Two of the most effective treatments for skin cancer are Superficial Radiation Treatment (SRT) and Mohs surgery. But which one is best for you? It depends on the type of skin cancer you have among other factors. Let’s take a look at each of these advanced skin cancer treatments in more detail.
Superficial Radiation Treatment (SRT)
Also known as SRT-100, this non-surgical skin cancer treatment is used to treat basal cell carcinomas and squamous cell carcinomas as well as non-malignant keloids. It is not a recommended treatment for melanoma skin cancers.
How does SRT work?
Short, 30-second bursts of low dose radiation are delivered superficially (5mm into the skin) directly into malignant non-melanoma skin cancer cells. These blasts of energy disrupt the cell division process of the malignant cells, effectively destroying the cancer without damaging healthy adjacent tissue. Because the radiation only penetrates 5mm into the skin, it is safe and effective for treating basal cell carcinomas and squamous cell carcinomas. The treatments are done in your dermatologist’s office a couple of times a week for a period of weeks until the skin cancer is gone.
Benefits of SRT
There are a number of benefits to SRT over surgical skin cancer treatment.
- SRT does not require anesthesia.
- No cutting or suturing is required with SRT.
- SRT treatments are quick and only require an office visit.
- SRT is usually painless, with only mild side effects of redness and irritation in the treatment area.
- SRT achieves superior cosmetic results, making it an excellent choice for skin cancers on the face.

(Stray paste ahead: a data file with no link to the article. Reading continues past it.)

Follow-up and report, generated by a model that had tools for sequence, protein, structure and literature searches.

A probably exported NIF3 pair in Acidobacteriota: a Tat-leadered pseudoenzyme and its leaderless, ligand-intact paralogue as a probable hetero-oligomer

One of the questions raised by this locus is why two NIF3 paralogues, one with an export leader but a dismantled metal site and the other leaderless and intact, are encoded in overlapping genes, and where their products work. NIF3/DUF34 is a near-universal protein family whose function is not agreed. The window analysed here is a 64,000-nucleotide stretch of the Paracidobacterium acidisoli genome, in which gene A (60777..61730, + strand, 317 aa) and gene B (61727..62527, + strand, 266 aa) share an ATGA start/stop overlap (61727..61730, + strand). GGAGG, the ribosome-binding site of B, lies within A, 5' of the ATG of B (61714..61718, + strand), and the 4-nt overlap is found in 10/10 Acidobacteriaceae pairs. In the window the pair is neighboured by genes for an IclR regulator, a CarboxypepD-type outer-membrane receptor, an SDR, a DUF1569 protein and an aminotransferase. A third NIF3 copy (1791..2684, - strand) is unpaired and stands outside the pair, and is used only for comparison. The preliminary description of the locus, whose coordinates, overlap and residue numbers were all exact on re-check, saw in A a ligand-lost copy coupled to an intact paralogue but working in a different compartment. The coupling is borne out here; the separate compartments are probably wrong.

- Cure rates for SRT are around 95%, only slightly lower than surgical treatments.
Who can get SRT?
Although SRT is an excellent treatment option, it’s not for everyone. The American Academy of Dermatology guidelines recommend SRT as a viable secondary option for basal and squamous cell skin cancers in special circumstances, such as for very visible skin cancers on the eyelid, nose or other areas of the face, or for patients who cannot tolerate surgery. Patients on blood thinners for whom surgery might be dangerous are also excellent candidates for SRT.
SRT may not be recommended for younger patients because of the possibility of the development of future skin cancers in the treated area. That said, the benefits of SRT may outweigh any risks. Talk to your doctor if you believe you would be a good candidate for SRT.
Mohs surgery, also called Mohs micrographic surgery, is appropriate for many types of skin cancer, including basal cell carcinomas, squamous cell carcinomas, some types of melanoma and some rare skin cancers. Mohs is especially recommended for aggressive skin cancers, cancers whose borders are hard to define and cancers with high rates of recurrence.
How does Mohs work?
With traditional excision, the surgeon removes the skin cancer with a margin of tissue around it. During Mohs, very thin layers of cancer tissue are removed at a time, with the surgeon checking each batch under a microscope until it can be confirmed that no cancer remains.
Benefits of Mohs
Mohs surgery is currently the very best treatment option available for most skin cancers for a variety of reasons.
- The success rate for Mohs surgery is extremely high– around 99%.
- Because the surgeon can confirm during surgery that no cancer cells remain, chances of recurrence are very low.
- Very little healthy tissue is removed during Moh’s surgery, preserving cosmetic appearance.
- Because of the effectiveness of the surgery, you’re unlikely to need any additional treatment.
Who Can Get Mohs Surgery?
Complications from Mohs are rare and most people tolerate the surgery well. If you are not a candidate for surgery or if your cancer is on your eyelid, nose or another part of your face, your dermatologist may recommend SRT or another form of skin cancer treatment. Talk to your doctor about how Mohs fits into your skin cancer treatment options.